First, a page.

For those of you not familiar with Big Data (and really, who is other than the folks who specialize in it?) it's the compilation of huge amounts of information towards some end. And the end we're seeing is how to market products better.
Big Data basically takes tons of data, from tons of individuals, to help predict the future. This is not what "Futurists" do: they predict longer-term issues, though even they will say they don't predict the future, just possible outcomes and scenarios of the future. They don't have those crystal balls just yet.
So let's talk about a couple of scenarios of how Big Data works, specifically for this time of year and the cold and flu season.
The Center for Disease Control uses Google, bing! and Yahoo search trends to predict where the next big cold and flu areas will be. How do they do that?
When lots of people in a city start searching for things like "what are flu symptoms" and "how to beat the flu" it tells them there's a lot of incidences in that city or region. So a pattern emerges when flu-related searches are compiled, historically matching the movement and spread of the flu. So they can tell how early it starts, when it peaks and how long it lasts.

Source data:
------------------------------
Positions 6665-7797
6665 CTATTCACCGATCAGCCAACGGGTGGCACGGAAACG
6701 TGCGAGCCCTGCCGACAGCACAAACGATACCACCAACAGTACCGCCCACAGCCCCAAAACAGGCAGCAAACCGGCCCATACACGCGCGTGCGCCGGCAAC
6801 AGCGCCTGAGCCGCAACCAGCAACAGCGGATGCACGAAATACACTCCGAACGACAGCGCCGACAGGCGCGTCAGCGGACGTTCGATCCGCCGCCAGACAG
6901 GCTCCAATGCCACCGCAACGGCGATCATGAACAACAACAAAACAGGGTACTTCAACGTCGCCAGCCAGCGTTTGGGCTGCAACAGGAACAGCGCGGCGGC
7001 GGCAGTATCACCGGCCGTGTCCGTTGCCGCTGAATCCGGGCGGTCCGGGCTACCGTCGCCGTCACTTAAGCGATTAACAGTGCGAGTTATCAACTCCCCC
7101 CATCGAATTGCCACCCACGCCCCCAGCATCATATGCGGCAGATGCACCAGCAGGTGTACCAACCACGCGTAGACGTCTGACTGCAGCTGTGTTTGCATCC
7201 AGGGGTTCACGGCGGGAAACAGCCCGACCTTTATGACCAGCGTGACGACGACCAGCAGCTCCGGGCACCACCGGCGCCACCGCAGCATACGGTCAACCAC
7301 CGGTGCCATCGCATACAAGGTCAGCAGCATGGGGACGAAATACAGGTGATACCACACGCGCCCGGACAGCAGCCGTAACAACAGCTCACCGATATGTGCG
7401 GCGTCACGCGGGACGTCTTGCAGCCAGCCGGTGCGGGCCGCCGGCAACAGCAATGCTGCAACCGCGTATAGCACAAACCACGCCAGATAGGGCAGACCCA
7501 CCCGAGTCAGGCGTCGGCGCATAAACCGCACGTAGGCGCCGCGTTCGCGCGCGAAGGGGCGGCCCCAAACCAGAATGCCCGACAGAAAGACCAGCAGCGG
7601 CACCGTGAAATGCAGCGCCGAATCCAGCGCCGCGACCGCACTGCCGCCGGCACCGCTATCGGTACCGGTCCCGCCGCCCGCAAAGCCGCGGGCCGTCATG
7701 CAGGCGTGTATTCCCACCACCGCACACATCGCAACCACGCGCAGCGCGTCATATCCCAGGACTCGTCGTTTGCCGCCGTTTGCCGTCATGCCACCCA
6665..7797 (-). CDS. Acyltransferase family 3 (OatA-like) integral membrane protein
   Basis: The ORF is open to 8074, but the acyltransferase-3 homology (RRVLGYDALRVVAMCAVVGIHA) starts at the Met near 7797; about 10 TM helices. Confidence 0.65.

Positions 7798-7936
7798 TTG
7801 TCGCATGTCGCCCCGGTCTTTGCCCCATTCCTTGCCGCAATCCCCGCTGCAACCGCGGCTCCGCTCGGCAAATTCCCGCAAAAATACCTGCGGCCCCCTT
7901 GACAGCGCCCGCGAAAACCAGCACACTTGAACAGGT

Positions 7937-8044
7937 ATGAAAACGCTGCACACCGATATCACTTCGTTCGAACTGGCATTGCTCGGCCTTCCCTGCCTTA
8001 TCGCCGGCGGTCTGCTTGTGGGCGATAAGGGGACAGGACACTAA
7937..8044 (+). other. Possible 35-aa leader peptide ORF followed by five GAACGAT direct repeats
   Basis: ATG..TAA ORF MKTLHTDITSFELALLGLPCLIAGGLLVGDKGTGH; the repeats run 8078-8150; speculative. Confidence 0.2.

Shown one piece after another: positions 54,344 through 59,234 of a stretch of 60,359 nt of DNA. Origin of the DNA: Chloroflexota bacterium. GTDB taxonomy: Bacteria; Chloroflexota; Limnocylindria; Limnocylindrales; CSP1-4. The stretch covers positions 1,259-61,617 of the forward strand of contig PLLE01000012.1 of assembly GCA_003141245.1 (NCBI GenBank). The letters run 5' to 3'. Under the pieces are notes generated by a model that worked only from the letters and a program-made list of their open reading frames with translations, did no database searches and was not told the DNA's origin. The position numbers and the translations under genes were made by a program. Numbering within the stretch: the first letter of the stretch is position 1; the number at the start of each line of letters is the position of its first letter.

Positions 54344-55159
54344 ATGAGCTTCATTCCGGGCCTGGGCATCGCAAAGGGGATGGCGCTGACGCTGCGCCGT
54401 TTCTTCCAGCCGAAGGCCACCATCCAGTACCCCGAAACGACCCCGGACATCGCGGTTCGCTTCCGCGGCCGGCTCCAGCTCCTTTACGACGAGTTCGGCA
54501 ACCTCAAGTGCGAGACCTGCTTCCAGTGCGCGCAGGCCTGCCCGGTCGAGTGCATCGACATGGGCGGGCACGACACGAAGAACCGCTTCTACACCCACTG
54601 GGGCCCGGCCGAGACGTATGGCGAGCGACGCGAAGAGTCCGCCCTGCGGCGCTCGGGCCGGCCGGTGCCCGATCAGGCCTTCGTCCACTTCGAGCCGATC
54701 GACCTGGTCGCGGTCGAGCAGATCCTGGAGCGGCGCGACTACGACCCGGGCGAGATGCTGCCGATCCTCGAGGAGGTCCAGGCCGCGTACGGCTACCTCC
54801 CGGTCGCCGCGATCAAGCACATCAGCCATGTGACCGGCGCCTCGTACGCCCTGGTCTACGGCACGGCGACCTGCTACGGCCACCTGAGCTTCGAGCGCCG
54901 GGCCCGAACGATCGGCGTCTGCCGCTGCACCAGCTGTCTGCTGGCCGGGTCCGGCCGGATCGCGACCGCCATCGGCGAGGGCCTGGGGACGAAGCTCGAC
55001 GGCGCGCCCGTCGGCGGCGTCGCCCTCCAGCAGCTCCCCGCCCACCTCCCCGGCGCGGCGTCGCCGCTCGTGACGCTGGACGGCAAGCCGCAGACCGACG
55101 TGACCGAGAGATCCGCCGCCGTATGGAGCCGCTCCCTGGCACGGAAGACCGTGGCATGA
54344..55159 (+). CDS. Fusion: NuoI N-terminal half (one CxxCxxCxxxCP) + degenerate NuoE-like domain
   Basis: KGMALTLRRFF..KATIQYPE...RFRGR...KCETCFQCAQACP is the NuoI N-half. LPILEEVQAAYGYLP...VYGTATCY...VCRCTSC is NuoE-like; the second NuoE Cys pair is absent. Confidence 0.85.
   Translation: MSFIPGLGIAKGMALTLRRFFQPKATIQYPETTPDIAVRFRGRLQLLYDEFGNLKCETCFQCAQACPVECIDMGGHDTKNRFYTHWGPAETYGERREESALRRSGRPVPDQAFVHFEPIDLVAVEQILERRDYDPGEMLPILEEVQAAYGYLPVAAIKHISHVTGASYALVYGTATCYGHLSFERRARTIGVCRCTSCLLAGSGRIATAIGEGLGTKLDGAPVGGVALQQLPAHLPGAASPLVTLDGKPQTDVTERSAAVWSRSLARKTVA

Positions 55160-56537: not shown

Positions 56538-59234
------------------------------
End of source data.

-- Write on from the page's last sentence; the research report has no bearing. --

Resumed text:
Believe it or not there's actually a service called google.org/flutrends!
For Kleenex, the marketing geniuses had this plan for their busy season
They use a web-based software called, appropriately, "Achoo." Using the data they gather (which includes migratory patterns of birds...how that figures into the equation, we're not sure), they seek out which parts of the U.S (or other countries) are going to be affected by colds and flu.
When they peg the area, they send out teams of Brand Managers and Brand Ambassadors to set up pop-up stands or kiosks in stores, handing out samples and coupons. Not only do they promote Kleenex to folks who are in the area to be buying them, they also rewards anyone carrying a travel size pack of Kleenex with a new one! Very slick.
They do that moving from region-to-region, city-to-city, leaving behind goodwill and lots of samples and coupons. And, as the marketing theory goes, brand loyalty.
How Big Data affects you and us in the world of marketing is those banner ads that follow you around the web. Remember the time you went to a website to look at, say, shoes or boots? And remember how every subsequent website you went to you saw an ad for those same damn shoes or boots?
That's Big Data. Get used to it.